The Journal reports Fannie Mae reached an agreement to work with one of its former critics, Neighborhood Assistance Corp of America, to prevent foreclosures by reworking home mortgages to make them easier to afford. The agreement is one of several measures the government-backed mortgage company and its main rival, Freddie Mac, are working on to avoid a further jump in foreclosures, the WSJ said. The agreement with Fannie has not been announced, the paper said, but added that it was confirmed by the company and by Bruce Marks, chief executive of the NACA, a Boston non-profit group. Fannie Mae could not be immediately reached for comment by Reuters.
Roche Holdings (RHBBY) announced it intends to commence a cash tender offer for all outstanding publicly-held shares of Genentech (DNA) at $86.50 per share. Roche currently owns 55.8% of Genentech's outstanding shares. The offer replaces the public proposal made by Roche on July 21, 2008, to acquire all of the publicly-held shares of Genentech at $89 per share in cash by means of a negotiated merger.
In earnings news, Exxon Mobil (XOM) posted better-than-expected $1.55, vs. $2.13 a year ago, fourth quarter EPS on 27% lower total revenue and other income.
Amazon.com (AMZN) posted $0.52 vs. $0.48 fourth-quarter EPS on an 18% revenue rise (including foreign currency translation). Wall Street was looking for $0.39. The online retailer sees first-quarter operating income of $125 million-$210 million and revenue of $4.53 billion-$4.93 billion. Stifel Nicolaus reiterated its buy rating on Amazon and raised its target price to $65.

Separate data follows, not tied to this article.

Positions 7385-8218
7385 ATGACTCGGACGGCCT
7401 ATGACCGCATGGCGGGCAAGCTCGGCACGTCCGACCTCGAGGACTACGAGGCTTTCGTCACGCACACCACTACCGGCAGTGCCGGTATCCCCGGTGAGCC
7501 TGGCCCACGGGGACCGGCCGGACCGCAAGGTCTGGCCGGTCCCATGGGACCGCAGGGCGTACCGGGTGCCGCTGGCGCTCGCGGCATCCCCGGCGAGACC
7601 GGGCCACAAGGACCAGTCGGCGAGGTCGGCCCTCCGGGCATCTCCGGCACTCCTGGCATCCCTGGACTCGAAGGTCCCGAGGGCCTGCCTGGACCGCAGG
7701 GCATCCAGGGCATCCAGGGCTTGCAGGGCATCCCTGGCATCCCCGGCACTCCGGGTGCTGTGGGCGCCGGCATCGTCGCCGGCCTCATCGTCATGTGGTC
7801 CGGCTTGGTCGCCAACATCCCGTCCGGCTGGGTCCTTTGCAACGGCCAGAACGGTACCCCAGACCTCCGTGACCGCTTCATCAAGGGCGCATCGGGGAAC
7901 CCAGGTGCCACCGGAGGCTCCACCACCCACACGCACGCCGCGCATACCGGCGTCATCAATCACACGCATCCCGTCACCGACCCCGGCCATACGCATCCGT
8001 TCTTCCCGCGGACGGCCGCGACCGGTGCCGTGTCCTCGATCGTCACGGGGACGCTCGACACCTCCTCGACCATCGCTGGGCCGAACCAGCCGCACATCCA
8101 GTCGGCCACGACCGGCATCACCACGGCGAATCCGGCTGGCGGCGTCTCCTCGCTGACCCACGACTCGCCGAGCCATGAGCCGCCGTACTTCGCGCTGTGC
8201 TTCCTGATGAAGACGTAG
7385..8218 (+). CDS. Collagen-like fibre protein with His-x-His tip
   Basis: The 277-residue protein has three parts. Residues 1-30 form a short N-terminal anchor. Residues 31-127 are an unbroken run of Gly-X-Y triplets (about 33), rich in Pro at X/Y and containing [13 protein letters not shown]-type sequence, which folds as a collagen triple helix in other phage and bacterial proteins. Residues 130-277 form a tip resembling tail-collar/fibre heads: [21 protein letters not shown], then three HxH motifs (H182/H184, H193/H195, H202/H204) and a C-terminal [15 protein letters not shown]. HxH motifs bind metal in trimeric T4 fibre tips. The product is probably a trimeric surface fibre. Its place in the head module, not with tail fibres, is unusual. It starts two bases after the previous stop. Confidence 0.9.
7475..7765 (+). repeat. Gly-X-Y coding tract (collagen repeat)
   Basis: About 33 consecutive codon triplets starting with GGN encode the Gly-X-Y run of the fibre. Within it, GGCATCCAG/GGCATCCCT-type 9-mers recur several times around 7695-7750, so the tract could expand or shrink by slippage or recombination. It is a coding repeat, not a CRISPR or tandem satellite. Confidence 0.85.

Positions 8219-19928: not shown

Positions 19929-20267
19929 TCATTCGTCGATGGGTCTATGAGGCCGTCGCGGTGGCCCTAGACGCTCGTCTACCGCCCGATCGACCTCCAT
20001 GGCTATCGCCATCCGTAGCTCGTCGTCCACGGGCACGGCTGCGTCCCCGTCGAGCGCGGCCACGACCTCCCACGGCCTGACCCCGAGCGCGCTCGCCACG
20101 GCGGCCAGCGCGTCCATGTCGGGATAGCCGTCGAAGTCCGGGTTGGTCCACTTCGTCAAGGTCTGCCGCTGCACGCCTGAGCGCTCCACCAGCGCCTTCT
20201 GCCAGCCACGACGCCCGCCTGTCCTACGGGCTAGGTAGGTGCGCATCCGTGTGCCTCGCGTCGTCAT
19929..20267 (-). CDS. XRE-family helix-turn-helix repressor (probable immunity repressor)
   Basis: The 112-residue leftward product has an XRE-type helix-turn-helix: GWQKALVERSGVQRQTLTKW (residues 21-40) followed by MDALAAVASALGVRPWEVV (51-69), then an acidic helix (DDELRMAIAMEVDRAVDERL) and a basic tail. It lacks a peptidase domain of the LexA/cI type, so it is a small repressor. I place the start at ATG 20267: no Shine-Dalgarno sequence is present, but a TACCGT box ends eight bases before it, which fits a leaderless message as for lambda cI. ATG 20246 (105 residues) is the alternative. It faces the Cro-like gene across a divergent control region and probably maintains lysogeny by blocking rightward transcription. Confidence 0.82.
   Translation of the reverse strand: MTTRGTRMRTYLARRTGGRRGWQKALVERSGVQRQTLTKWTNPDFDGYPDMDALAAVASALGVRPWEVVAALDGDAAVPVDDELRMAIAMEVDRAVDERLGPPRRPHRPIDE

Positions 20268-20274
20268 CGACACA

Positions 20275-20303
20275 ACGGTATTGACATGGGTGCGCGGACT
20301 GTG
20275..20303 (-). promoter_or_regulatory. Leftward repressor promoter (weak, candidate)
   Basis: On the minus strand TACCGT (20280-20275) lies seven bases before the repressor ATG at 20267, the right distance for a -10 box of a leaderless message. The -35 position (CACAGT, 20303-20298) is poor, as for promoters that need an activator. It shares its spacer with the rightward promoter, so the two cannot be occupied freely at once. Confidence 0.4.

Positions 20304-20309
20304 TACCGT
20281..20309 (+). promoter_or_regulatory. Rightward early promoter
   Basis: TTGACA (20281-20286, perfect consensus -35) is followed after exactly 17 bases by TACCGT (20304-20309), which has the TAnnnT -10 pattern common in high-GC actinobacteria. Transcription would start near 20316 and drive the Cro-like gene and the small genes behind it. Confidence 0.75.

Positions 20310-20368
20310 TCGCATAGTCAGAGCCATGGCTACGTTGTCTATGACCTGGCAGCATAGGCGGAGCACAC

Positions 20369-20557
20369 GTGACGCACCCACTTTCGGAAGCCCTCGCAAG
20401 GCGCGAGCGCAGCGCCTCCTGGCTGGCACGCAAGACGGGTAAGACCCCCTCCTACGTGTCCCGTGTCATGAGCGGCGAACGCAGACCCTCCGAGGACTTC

Procter & Gamble (PG) posted $1.58 vs. $0.98 second-quarter EPS despite a 3.2% sales drop. The company noted that second-quarter fiscal 2009 EPS include a $0.63 gain from the Folgers transaction completed during the quarter. P&G sees third-quarter organic sales growth of 2%-5%, and $0.78-$0.86 EPS, including incremental Folgers-related restructuring charges. It sees fiscal 2009 organic sales growth of 2%-5%, and is comfortable with the current consensus EPS estimate of $4.29.
Honeywell International (HON) posted $0.97 vs. $0.91 fourth-quarter EPS as lower costs and expenses offset a 6.5% revenue decline. Honeywell reaffirmed its $3.20-$3.55 2009 EPS forecast.
Chubb Corp. (CB) posted $1.58 vs. $1.60 fourth-quarter operating EPS on 4% lower net written premiums, with about half the decline attributable to currency fluctuation. Wall Street was looking for EPS of $1.52. Premiums were down 2% in the U.S. and -8% outside the U.S. (up 1% in local currencies). Chubb expects 2009 operating EPS of $4.80-$5.20. Net written premiums for the insurance business are expected to decline 1%-4% in 2009.
Honda Motor Co. (HMC) posted 90% lower third-quarter consolidated net income on a 17% revenue drop. The company noted decreased revenue in the automobile business and currency translation effects, although unit sales in its motorcycle business increased. Honda Motor sees fiscal 2009 revenue down 16% and operating income down 85%.